A counter gank is the unique act of a champion entering a lane where an enemy gank is already in progress with the intent of turning the fight to their favor.
This gank type follows the same rules as before in that good warding can alert a team to the incoming threat and let them back off without suffering casualties, but also equally depends on the junglers themselves. Strong counterganking junglers are champions who have excellent map mobility and can react quickly to a gank happening regardless of their current location (such asand his ). Junglers who are resistant to being counterganked themselves are champions whose methods of crowd control are divorced from their methods of escape, letting them rapidly switch from attacking to retreating when the need arises (such as ).
Counter-Jungling is a broad term which generally refers to the act of delaying the progress of an enemy jungler in some way. The reason to perform this is always the same - it is an attempt to reduce the influence the jungler has on the game in the next several minutes by depriving him of gold, experience and neutral buffs. It is usually a strictly solo affair (with one particular exception being invasions, which are covered below) and typically involves a jungler entering enemy territory to either steal unattended camps, ambush his opponent with the intention of killing him or driving him off, or both.
As with ganking, some champions are better suited to Counter-Jungling than others. Champions with abilities that let them rapidly destroy camps, and escape if discovered, can easily deny gold and experience by stealing camps. Champions who pack powerful offensive steroids that let them quickly overwhelm an opponent in a duel, as well as the means to prevent them from escaping, can ambush the enemy as they're taking a camp and kill them.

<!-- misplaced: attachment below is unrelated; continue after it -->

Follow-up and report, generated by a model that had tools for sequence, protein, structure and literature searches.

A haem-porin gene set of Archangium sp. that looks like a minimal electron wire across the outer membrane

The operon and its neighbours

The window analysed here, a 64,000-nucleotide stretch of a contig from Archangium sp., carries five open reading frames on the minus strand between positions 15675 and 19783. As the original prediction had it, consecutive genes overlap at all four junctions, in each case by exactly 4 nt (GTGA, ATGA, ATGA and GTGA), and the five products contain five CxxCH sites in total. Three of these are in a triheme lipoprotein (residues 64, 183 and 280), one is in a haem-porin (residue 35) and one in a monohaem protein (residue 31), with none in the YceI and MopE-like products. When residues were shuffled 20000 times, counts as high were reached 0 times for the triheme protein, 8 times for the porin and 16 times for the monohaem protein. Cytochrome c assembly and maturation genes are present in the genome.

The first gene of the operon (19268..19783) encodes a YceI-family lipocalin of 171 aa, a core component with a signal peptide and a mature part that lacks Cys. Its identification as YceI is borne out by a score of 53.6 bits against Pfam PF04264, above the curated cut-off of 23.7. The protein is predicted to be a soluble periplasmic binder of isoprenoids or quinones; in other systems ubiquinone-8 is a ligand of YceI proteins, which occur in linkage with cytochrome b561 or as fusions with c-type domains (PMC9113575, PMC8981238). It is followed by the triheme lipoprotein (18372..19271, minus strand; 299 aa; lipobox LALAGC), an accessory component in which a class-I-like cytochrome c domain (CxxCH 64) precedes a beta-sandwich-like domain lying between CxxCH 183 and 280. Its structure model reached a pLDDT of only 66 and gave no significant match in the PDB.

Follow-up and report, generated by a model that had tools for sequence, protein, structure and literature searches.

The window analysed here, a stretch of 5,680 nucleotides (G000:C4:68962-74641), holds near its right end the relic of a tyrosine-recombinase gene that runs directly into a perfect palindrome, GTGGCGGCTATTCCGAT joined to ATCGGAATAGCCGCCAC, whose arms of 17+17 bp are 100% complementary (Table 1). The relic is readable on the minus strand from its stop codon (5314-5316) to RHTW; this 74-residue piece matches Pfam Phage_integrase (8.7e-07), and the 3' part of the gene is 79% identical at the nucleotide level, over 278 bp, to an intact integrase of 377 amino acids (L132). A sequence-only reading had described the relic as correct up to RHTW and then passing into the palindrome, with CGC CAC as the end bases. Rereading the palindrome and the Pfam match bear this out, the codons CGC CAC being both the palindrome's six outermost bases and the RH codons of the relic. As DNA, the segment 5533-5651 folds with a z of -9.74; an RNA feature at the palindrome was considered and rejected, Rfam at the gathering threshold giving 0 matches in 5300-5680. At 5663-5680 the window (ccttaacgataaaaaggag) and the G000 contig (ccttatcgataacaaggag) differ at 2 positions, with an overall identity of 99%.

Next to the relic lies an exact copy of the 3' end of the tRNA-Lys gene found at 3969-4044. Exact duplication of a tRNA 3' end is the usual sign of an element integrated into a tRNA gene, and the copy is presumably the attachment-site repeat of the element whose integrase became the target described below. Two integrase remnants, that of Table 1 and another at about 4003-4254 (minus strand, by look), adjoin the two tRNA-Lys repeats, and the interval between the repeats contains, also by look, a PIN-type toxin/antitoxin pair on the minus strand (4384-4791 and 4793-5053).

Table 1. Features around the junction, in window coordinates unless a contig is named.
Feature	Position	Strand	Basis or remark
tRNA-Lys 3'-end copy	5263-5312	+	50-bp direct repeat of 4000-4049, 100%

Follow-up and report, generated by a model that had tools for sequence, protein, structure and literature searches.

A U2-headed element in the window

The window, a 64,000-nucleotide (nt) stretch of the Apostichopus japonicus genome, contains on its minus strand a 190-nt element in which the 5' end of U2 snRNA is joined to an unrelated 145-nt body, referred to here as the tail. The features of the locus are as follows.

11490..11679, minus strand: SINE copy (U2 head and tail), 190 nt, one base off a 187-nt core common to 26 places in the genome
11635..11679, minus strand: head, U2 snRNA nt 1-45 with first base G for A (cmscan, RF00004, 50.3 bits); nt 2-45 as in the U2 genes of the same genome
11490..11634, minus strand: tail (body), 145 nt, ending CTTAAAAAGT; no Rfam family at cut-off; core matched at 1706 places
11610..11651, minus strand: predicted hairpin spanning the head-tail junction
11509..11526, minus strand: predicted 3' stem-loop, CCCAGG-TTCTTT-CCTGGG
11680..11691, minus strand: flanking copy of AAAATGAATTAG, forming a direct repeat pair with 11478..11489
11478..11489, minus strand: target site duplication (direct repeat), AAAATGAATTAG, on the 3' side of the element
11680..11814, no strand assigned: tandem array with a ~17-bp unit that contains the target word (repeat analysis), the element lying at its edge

area of effect damage and a powerful true damage nuke from his , letting him quickly destroy major and minor camps alike. The latter boasts enormous single-target damage from and affording him incredible dueling power against lone opponents, as well as a means to chase down and prevent their escape with .and are two examples of champions well-suited to Counter-Jungling. The former boasts heavy
Counter-Jungling is usually a very risky tactic due to the potential hazard of being discovered, cornered and killed by the enemy team. As a result, being able to do well consistently with it will necessitate a strong sense of map awareness and knowledge of champion matchups. Champions who do not wish to be caught stealing a camp must often ensure that their opponent is elsewhere at the time, such as when the enemy jungler is covering a lane for someone or has recently ganked and been forced to retreat at low health. Likewise, champions who wish to catch the enemy jungler in turn will often need to utilize their knowledge to determine their whereabouts at a specific time and whether it is safe to attempt to kill them.
Invasions are a very specific type of counter-jungling, usually undertaken by all five members of a team in an attempt to deprive the enemy jungler of their very first buff before the minion waves have begun to spawn. This usually involves the team utilising the bushes to stealthily approach the enemyor camp. Most commonly, this is done for the former camp as several junglers must start with the buff in order to clear effectively early on, but for the same reason stealing the usually has the lesser chance of an early engagement.
The presence of this strategy often dictates a team's actions during the first 90 seconds of a game and is the reason why many teammates will guard around the river area of the jungle to provide an advance warning in case of an invasion.
Successful invasions can have great payoffs, granting the beneficiaries an extra neutral buff for the first five minutes, buff camp experience, and potentially the First Blood bonus and early kills. Even invasions that are thwarted by good scouting can still often be successful as the enemy team may not always be in a good position to drive off the invaders.
Some team compositions can encourage or dissuade invasions more than others. Teams that have a higher chance of a successful invade are most commonly teams made of champions with strong level 1 crowd controls (such asor ) who can lock down off-guard opponents and allow for their team to quickly destroy them.